“Sh*t Shots Count”

Truckers Motif: This song could be about any small town

Cooley is a master of opening lines; this song begins with, “Put your cigarette out, put your hat back one. Don’t mix which is which.” It’s a great, fun song about a dive bar.

“Ramon Casiano”

Truckers Motif: Protest SongTruckers

DBT’s most interesting quality is their interest in what they call “The duality of the Southern thing,” in which they wrestle with the South’s competing progressive artistic and regressive social histories. Consequently, their songs oftentimes combine a liberal worldview with a voice that is stereotypically conservative. In addition to being one of the smarter protest songs that I’ve heard in the past few years, it’s a great example of Cooley’s ability to create compelling characters as he tells the life story of the NRA’s most influential leader.

“Marry Me”

Truckers Motif: Brutally honest family history

While “Where the Devil Don’t Stay” is a family myth, “Mary Me” is a comically candid telling of the narrator’s own family history. Cooley is a master of opening lines, and the vulgar “Well my daddy didn’t pull out, but he never apologized” is a perfect example. Later, the narrator starts his own family, as he proposes, “Well I”d rather be your fool nowhere than go somewhere and be no one’s, so marry me” in what has to go down as one of the great realist proposals of all time.

“Zip City”

Truckers Motif: Degenerate Teenage Years

Truckers’ early albums told tales of their wild early years — Hood’s “Let There Be Rock” being a classic example. “Zip City” is my favorite non-Isbell Truckers song. It’s a roaring rock song about youthful indiscretion; call it a less charming “Born to Run.” When I first yeard it, I thought if half of this is true, then he was a complete degenerate as a teenager. I later learned that Hood claims that at least 90% is true, although Cooley remains characteristically quiet on the subject.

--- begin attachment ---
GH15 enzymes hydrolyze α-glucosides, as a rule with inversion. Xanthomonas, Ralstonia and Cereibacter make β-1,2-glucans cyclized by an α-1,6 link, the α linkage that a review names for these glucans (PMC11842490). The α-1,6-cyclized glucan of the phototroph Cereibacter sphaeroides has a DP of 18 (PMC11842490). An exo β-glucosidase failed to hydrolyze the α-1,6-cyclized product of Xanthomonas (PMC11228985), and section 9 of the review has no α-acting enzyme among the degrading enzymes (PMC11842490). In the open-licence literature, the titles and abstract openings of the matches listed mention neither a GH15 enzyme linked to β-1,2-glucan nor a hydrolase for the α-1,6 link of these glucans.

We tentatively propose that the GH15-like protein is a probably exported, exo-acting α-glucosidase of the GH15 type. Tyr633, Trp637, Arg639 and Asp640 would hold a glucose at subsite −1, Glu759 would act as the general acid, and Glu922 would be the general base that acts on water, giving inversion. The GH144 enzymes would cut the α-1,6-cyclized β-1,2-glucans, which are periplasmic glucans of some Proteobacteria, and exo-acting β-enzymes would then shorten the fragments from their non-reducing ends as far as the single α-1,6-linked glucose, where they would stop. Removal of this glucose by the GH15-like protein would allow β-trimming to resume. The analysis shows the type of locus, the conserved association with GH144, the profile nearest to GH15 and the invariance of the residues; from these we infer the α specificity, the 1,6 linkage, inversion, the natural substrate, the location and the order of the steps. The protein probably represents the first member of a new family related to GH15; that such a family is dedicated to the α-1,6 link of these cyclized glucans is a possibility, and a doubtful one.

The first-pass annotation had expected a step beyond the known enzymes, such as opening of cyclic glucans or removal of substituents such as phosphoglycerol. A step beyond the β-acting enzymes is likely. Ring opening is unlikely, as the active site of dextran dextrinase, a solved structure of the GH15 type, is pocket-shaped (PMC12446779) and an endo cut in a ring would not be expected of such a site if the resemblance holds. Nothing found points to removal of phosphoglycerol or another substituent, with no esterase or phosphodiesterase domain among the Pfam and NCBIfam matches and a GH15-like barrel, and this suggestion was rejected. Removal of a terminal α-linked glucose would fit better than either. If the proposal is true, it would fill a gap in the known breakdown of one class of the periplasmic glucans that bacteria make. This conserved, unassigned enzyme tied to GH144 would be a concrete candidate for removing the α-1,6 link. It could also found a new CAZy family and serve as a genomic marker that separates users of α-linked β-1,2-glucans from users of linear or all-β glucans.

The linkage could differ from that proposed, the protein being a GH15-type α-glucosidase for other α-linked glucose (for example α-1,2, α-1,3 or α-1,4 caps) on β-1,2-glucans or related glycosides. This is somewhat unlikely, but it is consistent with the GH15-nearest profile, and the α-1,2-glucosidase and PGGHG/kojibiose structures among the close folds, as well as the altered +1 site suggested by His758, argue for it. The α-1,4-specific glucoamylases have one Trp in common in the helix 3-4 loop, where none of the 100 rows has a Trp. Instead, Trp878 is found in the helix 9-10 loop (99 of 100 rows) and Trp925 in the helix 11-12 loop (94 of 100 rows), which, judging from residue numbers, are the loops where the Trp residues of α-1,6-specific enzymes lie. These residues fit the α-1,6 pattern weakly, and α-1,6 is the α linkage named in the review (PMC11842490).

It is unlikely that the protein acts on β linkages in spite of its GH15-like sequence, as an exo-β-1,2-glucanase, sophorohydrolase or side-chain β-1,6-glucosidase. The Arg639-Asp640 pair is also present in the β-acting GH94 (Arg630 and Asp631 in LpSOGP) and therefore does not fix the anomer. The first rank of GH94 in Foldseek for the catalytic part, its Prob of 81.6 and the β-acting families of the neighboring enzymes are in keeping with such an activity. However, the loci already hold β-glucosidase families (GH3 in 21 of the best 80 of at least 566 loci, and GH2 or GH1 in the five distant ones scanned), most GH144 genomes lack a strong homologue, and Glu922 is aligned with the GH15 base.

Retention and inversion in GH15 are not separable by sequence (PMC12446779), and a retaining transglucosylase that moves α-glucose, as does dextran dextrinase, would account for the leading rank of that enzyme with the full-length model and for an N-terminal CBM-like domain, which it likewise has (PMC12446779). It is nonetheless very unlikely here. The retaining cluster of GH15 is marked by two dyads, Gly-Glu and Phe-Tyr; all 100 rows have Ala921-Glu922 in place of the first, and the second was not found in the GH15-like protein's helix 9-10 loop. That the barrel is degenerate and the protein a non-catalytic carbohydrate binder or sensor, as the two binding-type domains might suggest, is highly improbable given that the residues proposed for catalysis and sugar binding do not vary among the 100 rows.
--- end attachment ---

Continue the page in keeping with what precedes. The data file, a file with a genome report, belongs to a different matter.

“Gravity’s Gone”

Truckers Motif: Can I keep this lifestyle up?

Truckers songs on their hard living range from tragic to comic. Isbell’s “Godddamn Loneley Love” is perhaps the finest example of the former, while “Gravity’s Gone” reflects the latter. The song mocks letting up: “So I’ll meet you at the bottom if there really is one. They always told me when you hit it you’ll know it. But I’ve been falling so long it’s like gravity’s gone and I’m just floating.”

“Birthday Boy”

Truckers Motif: Complex female character

Rock critic Steven Hyden once observed that Hood and Cooley, despite being two men who write fairly crude rock songs, nevertheless display a proclivity for writing authentic songs from a female perspective. “Birthday Boy” stars off crassly: “‘Which one’s the birthday’ boy, she said. ‘I ain’t got all night. What’d your mama name you? You can call me what’d you like.’” The second verse, however, shifts to the woman’s inner monologue, as she recalls the broken home and sexist small town that led her down this road. By the time the song ends with that same opening line, she sounds tragically exhausted. It’s a brillant portrait, fit neatly into a short song.

“Sounds Better in the Song”

Truckers Motif: The realist

The lone acoustic track on this playlist, this one shows Cooley at his most somber. The song title is a reference to “Freebird,” and one of the few admissions that there’s a price to be paid for seeking to become the biggest southern rock stars since their idols, Lynard Skynard, did some forty years ago.